• A curated collection of existing original content
  • A combination of content types

Choosing your Head Term

Once you have a couple of potential concepts, do some keyword research to check which one’s more viable.

At P✧D, we use Ahrefs for keyword research. So, here’s how we go about testing the viability of a programmatic SEO concept:

Screenshot from the SEO menu in WordPress.

Let’s say we’re working on a programmatic SEO collection for a directory covering fast-food restaurants. We’d go on Ahrefs’ Keywords Explorer tab and do a phrase match search for the term “fast food restaurants in”.

Using phrase match instead of term match makes it possible for us to only see keywords that include the words “fast food restaurants in” in exactly that order.

Then, we’ll look for relevant keywords with:

  • Low-mid difficulty
  • Mid-high MSV (monthly search volume)

If the most relevant keywords with the head term we chose have those characteristics, the concept may be worth implementing.

For this search term, that’s exactly the case. So, we’ll:

  • Save all relevant keywords into a list
  • Share them with our client and analyze which ones to use for an initial test

This decision is usually the result of a combination between SEO goals and business priorities.

If we don’t find that the search term’s viable, we usually try a couple of similar alternatives.

Structuring the Content

Design a common structure for your programmatic content. 

You’ll eventually fill your programmatic SEO templates with dynamic data. And this dynamic data will be your content’s source of value. So, you’ll want to:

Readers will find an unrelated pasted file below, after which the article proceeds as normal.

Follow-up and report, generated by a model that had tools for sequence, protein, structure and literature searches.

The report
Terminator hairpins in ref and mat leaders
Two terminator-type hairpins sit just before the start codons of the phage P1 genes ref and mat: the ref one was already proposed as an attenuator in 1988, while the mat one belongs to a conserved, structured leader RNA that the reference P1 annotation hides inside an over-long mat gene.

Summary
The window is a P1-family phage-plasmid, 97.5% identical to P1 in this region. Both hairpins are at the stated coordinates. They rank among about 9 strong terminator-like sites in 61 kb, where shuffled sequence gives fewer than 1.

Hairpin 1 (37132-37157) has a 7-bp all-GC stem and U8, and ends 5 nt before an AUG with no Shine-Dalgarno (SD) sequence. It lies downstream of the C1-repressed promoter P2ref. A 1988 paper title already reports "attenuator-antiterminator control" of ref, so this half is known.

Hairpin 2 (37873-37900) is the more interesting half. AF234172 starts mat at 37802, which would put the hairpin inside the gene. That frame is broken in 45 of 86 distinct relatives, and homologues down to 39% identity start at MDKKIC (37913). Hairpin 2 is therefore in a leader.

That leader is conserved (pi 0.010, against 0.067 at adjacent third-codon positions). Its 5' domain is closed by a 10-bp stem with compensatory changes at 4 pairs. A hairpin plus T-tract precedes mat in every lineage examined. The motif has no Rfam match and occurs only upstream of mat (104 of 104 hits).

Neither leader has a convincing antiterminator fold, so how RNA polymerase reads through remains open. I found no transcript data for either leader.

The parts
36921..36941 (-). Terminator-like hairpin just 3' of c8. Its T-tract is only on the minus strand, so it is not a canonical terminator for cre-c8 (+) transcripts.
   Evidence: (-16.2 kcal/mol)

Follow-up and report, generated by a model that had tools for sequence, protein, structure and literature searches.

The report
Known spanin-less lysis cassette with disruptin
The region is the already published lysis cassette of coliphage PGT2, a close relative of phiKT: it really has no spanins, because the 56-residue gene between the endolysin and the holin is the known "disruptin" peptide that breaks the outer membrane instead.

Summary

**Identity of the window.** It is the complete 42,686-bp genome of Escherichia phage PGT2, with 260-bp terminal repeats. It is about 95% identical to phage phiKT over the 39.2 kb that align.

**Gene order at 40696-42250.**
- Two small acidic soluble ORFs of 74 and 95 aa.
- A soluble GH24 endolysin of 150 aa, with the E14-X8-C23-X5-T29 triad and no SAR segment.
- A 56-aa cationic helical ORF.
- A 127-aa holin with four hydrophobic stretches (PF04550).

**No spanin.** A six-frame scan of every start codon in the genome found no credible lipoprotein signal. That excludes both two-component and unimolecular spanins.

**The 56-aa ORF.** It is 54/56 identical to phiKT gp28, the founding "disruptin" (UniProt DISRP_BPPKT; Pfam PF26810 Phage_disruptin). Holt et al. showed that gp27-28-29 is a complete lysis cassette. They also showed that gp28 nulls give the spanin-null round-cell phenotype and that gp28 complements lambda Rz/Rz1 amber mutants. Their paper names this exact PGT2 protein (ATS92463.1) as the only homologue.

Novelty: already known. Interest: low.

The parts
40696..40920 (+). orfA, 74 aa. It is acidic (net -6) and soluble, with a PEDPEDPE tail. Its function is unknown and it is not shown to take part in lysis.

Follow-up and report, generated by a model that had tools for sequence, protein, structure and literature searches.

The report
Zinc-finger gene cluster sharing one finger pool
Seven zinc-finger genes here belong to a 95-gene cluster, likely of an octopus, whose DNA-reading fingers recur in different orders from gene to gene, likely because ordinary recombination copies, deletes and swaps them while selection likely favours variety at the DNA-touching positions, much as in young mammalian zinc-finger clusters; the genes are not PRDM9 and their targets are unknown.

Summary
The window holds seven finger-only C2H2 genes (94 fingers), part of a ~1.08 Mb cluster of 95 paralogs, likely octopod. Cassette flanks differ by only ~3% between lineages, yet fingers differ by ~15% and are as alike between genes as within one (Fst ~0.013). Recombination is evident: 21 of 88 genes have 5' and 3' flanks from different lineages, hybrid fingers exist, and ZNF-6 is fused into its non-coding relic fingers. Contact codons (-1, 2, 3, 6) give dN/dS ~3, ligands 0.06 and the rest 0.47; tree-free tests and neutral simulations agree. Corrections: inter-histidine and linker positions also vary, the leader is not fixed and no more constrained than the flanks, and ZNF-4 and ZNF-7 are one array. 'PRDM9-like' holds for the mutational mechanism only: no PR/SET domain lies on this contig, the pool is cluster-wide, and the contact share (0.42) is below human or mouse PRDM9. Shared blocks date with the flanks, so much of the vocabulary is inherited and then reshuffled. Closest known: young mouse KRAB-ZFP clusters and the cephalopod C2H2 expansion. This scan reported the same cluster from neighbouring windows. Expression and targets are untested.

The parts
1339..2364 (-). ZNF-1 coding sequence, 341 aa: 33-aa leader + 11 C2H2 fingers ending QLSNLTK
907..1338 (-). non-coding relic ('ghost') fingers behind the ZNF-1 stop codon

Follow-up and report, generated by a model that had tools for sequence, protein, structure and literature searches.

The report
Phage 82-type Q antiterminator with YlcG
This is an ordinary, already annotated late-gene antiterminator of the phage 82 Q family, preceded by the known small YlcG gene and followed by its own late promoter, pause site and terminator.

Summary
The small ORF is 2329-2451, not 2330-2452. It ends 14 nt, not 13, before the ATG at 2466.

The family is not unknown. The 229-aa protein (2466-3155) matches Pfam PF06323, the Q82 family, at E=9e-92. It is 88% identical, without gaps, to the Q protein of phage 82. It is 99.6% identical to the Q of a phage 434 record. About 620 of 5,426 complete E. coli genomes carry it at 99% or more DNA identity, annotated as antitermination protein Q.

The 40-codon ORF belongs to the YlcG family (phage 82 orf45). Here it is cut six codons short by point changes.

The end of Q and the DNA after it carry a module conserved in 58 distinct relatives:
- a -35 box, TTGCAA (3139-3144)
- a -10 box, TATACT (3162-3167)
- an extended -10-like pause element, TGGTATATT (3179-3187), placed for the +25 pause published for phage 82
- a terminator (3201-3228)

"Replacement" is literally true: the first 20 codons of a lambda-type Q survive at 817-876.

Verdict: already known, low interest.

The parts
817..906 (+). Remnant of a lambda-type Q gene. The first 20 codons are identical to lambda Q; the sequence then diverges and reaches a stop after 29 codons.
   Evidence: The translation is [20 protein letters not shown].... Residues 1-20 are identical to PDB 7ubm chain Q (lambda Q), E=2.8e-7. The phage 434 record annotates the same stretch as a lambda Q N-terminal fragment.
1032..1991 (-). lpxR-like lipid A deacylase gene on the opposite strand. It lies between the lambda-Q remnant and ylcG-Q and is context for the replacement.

• Use consistent grammatical structures
  • Set a clear difference between static and dynamic content
  • Always rely on the same data points

Make sure that:

  • Your content and headings always target the desired long-tail keywords
  • Your word count is high enough for the page not to be thin content
  • You’re including so much dynamic content that you’re not incurring in duplication

Semi-Automating Content Creation

At this stage, you probably won’t be automating content creation. But you should already understand what your programmatic SEO workflow would look like. This is key in case your test produces good results. 

Additionally, it may be best to approach the entire project with semi-automation in mind. We recommend you write your first programmatic page as a template. That way, you can make sure your structures are solid and iterable enough.

Publishing, Promoting & Waiting

Once your first programmatic page is ready, it’s time to share it with the world. Publish it, promote it, and wait.

How Can You Make Sure It’s Working?

In short, you can check if your programmatic SEO test is working by taking a look at your Google Search Console and checking if:

  • The page in question has received significant* traffic
  • You’re ranking for the keywords you were targeting

*How you define “significant” will depend on your website’s current organic traffic & positioning.

But, when should you check for results? It will also depend. You can encourage Google to index your new piece of content faster by submitting it to Google Search Console. But results may take anywhere from a couple of weeks to a couple of months. We’d recommend you check anywhere from 3-5 weeks after posting.

If your first attempt at programmatic SEO doesn’t work, try again. We usually recommend conducting up to 3 tests before giving up on programmatic SEO altogether. 

Key Takeaways

In this post, we explored how to do a programmatic SEO proof of concept.

Programmatic SEO is an effective way to target precise, long-tail keywords that attract qualified visitors. But, before investing in it, try a proof of concept to ensure your strategy is effective. A proof of concept involves:

  • Evaluating user needs
  • Assessing data sources
  • Selecting a head term
  • Designing an iterable content structure

To evaluate the results, keep an eye on your Google Search console during the next few weeks after posting.

While very promising and effective, programmatic SEO isn’t easy to implement. So, you’ll probably need a strategic partner to help you navigate through every step of the process. From ideation to SEO research and technical implementation. If that’s what you’re looking for, you’re in the right place.

Let’s conquer your niche together. Book a free consultation today.